View Full Version : And here's a 2nd question that came up today...

04-15-2012, 22:39
How much stomach acid does an adult have to vomit (volume) in order to make themselves alkolotic? This came up specifically in regards to N/V in a heat casualty, so the follow up is this: In a heat casualty, whose blood levels of potassium and sodium are likely already decreased, how much vomiting is it going to take to make them alkolotic? What acute problems could this akolotic state potentially cause that would compound a heat casualty's other issues?

I understand that these are broad questions that may not have an exact-amount type of answer; I'm looking for wisdom and experience beyond my own here, not an exact mL amount.

As always, thanks to all!

04-15-2012, 22:53
Vomiting results in the loss of hydrochloric acid (hydrogen and chloride ions) with the stomach contents. Severe vomitting also causes loss of potassium (hypokalaemia) and sodium (hyponatraemia). The kidneys compensate for these losses by retaining sodium in the collecting ducts at the expense of hydrogen ions (sparing sodium/potassium pumps to prevent further loss of potassium), leading to metabolic alkalosis.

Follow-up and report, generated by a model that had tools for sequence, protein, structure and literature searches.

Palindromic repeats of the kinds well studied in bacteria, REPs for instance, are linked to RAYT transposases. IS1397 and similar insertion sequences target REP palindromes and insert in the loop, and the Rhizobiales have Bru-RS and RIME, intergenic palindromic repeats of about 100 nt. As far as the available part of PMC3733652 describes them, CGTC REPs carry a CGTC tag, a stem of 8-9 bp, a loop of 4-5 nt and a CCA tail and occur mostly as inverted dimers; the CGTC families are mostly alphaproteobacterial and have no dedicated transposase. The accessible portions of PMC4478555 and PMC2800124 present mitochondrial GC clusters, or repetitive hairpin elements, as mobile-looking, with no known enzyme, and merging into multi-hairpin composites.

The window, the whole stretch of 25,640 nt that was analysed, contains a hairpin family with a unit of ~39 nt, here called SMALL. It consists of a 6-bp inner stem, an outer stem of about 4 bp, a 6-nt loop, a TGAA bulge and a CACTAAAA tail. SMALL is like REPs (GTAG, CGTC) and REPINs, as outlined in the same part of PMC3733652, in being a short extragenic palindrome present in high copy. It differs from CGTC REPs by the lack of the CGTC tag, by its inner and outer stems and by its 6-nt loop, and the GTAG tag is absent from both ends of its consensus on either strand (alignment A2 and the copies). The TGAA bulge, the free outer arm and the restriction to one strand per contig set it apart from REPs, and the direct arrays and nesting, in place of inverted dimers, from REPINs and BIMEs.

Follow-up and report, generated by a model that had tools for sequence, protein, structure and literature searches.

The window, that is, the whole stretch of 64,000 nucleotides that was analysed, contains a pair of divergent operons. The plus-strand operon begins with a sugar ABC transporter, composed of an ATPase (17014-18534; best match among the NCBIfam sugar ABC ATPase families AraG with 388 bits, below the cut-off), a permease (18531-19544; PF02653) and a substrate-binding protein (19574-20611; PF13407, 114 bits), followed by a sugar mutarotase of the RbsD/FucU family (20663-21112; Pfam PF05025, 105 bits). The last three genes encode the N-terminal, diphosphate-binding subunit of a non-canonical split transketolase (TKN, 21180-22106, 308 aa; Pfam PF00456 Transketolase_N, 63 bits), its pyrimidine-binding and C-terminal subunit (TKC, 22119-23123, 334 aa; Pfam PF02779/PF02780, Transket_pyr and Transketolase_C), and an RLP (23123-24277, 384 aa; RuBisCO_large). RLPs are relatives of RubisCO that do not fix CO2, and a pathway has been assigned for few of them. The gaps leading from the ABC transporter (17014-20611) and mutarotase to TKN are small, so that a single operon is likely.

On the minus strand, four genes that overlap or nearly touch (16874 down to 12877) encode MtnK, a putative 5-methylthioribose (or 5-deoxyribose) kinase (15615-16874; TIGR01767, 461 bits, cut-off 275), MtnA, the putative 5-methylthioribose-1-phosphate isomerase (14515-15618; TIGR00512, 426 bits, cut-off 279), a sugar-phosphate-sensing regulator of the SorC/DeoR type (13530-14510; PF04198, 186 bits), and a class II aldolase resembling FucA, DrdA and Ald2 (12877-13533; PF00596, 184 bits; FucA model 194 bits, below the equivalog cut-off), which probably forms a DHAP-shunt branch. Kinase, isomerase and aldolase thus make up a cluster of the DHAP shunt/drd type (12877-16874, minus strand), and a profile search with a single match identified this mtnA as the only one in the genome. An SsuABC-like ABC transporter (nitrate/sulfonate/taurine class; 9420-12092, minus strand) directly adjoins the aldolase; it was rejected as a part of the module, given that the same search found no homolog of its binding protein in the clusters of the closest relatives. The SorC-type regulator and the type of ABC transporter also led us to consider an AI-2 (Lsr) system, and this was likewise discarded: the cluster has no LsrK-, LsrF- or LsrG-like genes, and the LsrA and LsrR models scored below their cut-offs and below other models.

Compensation for metabolic alkalosis occurs mainly in the lungs, which retain carbon dioxide (CO2) through slower breathing, or hypoventilation (respiratory compensation). CO2 is then consumed toward the formation of the carbonic acid intermediate, thus decreasing pH. Respiratory compensation, though, is incomplete. The decrease in [H+] suppresses the peripheral chemoreceptors, which are sensitive to pH. But, because respiration slows, there's an increase in PCO2 which would cause an offset of the depression because of the action of the central chemoreceptors which are sensitive to the partial pressure of CO2 in the blood. So, because of the central chemoreceptors, respiration rate would be decreased.

Renal compensation for metabolic alkalosis, less effective than respiratory compensation, consists of increased excretion of HCO3- (bicarbonate), as the filtered load of HCO3- exceeds the ability of the renal tubule to reabsorb it.